Welcome!

Microservices Expo Authors: Lori MacVittie, Greg O'Connor, Liz McMillan, Sematext Blog, Elizabeth White

Related Topics: @CloudExpo, Java IoT, Microservices Expo, Linux Containers, Containers Expo Blog, @BigDataExpo

@CloudExpo: Article

What We Really Mean by Digital Transformation

Agile Architecture is the key to Digital Transformation

Want to know a secret? I loathe the phrase Digital Transformation. Not only is the word Digital silly and misleading, but Transformation ain’t much better. The mere act of naming a business initiative Digital Transformation suggests to people that once the transformation is complete, we’ll be done. Look at us! We’re Digitally Transformed!

Hogwash. A single transformation is better than nothing, but what we really want is the ability to transform our business as needed. Furthermore, we need to be agile with our transformation initiative itself. The last thing we want is to institute, say, a three-year transformation effort, only to find at the end of the three years that the world changed a year into the initiative, rendering it a useless waste of money and effort.

So, who are the right people in the organization to address this sorry state of affairs? Driving the change needed to make our organizations more successful at such ongoing transformation should ideally fall to the Enterprise Architects. Unfortunately, the way Enterprise Architecture (EA) is done today falls well short of this mark.

Traditional EA starts with documenting the initial state of an enterprise. Then Enterprise Architects document the final state as required by the business. Finally, they help the organization plan how to get from one state to the other.

There are only three things wrong with this way to think about EA: The initial state. The final state. And yes, the plan to get from one to the other. It’s no wonder most organizations who were fool enough to sink money into EA believe EA is completely broken. Even EAs think EA is broken, and they do it for a living!

But no matter how fun it is to bemoan this sorry state of affairs, this Cortex must help point the direction to a better way of thinking about – and doing – Enterprise Architecture. The success of any Digital Transformation effort hangs in the balance.

What’s Wrong with Point A to Point B?
It seems so intuitive that the way to solve a problem is first, understand the problem, second, understand the solution, and third, solve the problem. Unfortunately, many EA initiatives don’t get past step one. Documenting the initial state of an enterprise – or even simply documenting the initial state of an enterprise’s IT environment, which is usually where EAs focus their efforts – is an exercise in futility. There are simply way too many bits and pieces, moving parts made of people and technology, for such an activity to ever complete, let alone provide sufficient detail to add clarity to the situation. Remember, the organization is always in flux. Even if you could take a snapshot of everything, it would be out of date a moment later.

What about the final state? That’s the nirvana situation where all your problems are solved, right? OK, raise your hand if there was ever a time in your career where all the problems were solved, all the bugs were fixed, all the projects were complete. Anybody? Sounds rather unrealistic, wouldn’t you say? Even if you narrow your scope to a single aspect of your business or even a single project, there is nothing final about a final state, if you could even refer to such an implausible scenario as a state, which is asking a lot. Remember, everything is connected to everything else, and everything is always changing. The notion of a “final state” is an unrealistic simplification that misleads people into thinking the approach they’re taking will actually solve problems.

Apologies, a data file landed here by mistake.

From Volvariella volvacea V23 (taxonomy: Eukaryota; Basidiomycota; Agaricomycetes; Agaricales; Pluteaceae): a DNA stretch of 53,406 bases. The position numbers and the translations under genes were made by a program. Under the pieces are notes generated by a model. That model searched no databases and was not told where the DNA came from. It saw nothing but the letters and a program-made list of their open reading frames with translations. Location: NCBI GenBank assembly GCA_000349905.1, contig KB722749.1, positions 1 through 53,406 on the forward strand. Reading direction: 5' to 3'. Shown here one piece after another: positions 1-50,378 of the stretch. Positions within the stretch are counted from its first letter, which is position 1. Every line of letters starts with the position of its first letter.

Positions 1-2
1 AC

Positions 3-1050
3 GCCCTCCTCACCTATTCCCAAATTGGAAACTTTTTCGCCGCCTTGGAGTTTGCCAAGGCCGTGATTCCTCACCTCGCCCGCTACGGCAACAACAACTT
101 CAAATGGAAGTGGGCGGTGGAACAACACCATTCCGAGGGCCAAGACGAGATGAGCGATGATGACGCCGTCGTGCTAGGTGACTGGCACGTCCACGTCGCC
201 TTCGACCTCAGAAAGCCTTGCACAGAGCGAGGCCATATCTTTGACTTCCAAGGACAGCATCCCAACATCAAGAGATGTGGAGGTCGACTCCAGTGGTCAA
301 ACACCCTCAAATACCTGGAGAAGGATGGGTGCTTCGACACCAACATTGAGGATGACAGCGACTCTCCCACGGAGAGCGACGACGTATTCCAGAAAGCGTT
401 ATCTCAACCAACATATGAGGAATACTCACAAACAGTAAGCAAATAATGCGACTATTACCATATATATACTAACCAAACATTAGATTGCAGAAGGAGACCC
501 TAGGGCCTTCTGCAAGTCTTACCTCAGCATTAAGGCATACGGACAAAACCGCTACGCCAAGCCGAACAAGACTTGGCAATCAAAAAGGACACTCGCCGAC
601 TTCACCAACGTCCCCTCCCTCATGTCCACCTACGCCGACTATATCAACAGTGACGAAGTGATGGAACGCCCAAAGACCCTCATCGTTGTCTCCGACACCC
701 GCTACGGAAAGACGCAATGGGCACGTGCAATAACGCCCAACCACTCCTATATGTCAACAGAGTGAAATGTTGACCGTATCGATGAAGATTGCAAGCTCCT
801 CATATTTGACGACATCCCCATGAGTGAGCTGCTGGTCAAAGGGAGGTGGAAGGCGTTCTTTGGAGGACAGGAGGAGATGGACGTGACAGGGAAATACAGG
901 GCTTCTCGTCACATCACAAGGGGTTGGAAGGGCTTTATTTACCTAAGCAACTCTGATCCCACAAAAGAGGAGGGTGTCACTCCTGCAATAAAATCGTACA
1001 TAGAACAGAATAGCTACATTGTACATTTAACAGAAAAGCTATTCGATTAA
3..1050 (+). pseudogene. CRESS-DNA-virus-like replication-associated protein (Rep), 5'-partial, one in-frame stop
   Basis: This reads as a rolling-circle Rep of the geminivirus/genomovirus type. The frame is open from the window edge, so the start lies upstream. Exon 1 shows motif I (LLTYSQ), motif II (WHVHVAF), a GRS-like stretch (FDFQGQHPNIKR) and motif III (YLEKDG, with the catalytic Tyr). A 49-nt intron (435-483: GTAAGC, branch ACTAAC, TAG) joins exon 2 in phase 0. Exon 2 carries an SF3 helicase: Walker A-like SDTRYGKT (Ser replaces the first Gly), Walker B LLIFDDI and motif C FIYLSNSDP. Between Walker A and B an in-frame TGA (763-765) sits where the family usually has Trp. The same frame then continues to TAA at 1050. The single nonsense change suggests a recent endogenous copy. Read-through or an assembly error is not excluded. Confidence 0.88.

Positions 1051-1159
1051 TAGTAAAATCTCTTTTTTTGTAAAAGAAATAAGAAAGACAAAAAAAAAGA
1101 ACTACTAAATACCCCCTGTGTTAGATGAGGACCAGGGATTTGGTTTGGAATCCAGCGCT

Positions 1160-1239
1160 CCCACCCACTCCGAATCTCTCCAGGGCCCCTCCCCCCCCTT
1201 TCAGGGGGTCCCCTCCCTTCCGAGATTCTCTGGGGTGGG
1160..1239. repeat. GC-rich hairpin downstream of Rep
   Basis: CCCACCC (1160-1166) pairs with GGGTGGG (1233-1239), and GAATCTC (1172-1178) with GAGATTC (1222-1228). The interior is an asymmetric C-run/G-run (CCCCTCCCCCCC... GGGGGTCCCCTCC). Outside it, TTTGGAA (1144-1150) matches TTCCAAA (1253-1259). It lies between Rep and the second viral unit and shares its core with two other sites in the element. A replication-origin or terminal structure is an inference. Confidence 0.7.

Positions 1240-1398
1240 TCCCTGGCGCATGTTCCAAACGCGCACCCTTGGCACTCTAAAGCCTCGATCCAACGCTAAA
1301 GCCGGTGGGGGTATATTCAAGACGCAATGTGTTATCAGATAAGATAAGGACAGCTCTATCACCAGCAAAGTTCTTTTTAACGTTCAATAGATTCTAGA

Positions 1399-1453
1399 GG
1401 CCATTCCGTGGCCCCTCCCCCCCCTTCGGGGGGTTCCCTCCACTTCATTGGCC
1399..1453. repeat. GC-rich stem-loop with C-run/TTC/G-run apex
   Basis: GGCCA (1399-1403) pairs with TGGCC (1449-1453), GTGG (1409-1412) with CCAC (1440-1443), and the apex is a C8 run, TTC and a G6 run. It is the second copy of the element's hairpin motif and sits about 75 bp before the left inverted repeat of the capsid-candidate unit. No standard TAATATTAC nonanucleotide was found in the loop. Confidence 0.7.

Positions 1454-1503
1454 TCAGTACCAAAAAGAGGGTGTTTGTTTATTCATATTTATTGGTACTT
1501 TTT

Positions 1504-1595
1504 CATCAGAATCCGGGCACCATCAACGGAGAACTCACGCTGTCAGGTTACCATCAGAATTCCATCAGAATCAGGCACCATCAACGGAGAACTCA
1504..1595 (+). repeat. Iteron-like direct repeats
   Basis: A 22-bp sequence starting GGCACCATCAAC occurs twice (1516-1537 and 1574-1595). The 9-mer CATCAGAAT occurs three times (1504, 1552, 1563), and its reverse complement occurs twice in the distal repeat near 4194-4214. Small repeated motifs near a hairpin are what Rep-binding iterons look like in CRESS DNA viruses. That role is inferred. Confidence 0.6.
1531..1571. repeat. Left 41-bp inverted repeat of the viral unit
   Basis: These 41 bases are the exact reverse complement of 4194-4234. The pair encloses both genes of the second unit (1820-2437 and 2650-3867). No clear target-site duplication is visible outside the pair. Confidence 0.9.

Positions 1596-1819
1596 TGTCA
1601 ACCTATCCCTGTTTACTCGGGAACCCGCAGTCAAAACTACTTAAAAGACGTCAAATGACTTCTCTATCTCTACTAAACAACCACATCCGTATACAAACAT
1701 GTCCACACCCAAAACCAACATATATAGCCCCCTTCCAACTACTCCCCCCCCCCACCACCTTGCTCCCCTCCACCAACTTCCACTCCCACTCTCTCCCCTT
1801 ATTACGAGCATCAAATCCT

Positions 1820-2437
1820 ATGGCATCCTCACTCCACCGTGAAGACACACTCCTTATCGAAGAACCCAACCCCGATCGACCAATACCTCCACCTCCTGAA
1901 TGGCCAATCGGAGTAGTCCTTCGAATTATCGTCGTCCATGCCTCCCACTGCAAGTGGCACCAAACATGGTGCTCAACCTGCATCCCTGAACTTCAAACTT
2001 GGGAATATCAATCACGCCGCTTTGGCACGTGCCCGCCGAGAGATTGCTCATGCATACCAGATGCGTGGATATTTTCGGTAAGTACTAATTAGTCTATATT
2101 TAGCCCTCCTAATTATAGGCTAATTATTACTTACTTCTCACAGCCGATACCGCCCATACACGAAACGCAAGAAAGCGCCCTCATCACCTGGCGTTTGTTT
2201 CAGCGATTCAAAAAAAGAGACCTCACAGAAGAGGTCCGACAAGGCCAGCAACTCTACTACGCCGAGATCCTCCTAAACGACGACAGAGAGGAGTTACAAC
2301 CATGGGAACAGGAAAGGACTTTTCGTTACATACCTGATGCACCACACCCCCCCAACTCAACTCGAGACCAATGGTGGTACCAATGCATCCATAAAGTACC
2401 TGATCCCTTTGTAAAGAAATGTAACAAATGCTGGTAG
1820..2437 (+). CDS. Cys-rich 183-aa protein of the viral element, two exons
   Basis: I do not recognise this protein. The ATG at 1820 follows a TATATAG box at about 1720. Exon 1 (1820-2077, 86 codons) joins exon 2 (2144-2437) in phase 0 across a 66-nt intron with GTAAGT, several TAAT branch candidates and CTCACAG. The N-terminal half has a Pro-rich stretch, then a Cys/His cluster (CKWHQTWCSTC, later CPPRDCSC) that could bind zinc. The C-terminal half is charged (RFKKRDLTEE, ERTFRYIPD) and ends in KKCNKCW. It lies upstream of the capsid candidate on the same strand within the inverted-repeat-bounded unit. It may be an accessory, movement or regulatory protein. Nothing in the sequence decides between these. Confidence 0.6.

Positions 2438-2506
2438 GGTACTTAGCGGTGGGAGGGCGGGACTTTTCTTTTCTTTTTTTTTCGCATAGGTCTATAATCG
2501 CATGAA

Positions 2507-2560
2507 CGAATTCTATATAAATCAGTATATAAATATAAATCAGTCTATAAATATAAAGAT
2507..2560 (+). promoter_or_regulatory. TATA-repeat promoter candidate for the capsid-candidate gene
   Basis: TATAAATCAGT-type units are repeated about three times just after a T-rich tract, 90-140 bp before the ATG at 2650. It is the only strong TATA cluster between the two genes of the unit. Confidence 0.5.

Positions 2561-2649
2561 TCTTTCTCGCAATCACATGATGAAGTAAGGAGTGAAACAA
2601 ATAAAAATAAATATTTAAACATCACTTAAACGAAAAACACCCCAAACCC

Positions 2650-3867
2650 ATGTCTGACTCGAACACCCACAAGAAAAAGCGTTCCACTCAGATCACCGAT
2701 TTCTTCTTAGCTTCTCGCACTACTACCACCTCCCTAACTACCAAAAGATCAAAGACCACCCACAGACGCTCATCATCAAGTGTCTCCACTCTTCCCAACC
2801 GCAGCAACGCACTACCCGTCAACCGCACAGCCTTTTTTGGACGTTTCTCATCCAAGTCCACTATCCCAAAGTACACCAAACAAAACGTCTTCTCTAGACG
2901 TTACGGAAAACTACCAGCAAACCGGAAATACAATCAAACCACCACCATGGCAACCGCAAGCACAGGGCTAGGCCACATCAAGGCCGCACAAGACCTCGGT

Very well, let’s say you’ve still reading, in spite of thinking my comments on initial and final state are a bunch of hogwash. Certainly, you may ask, the EAs can at least concoct some kind of plan for getting from point A to point B? Sorry to disappoint. If what you mean by a “plan” is a description of the steps you must take that you can put together before you take those steps, then no. You’ll never come up with such a plan that ends up having any relationship to reality by even the halfway mark. There are simply too many unknowns, and too many things can change along the way.

Moving Up a Level
The core problem with this traditional approach to architecture is that it is simply too literal. It deals with things as they are and things as you desire them to be, without dealing with the fact that everything is subject to change. But the good news is, we architects have a wonderful tool in our box of tricks for dealing with excess literalness: the tool of abstraction. If we move up a level of abstraction, we’re no longer thinking about initial and final state. Instead, we’re thinking about moving from being less agile to being more agile.

Literal-minded thinkers (and I know you’re out there) will be protesting at this point that “being less agile” is our initial state and “being more agile” is our final state, so we’re just playing word games. And if you squint and hold your nose, there is a minuscule portion of truth in that overly literal perspective – but you’re missing the point here. “Being less agile” describes any number of possible initial states we may find ourselves in, and “being more agile” means being able to deal with change better, no matter which state we started at or where we happened to end up.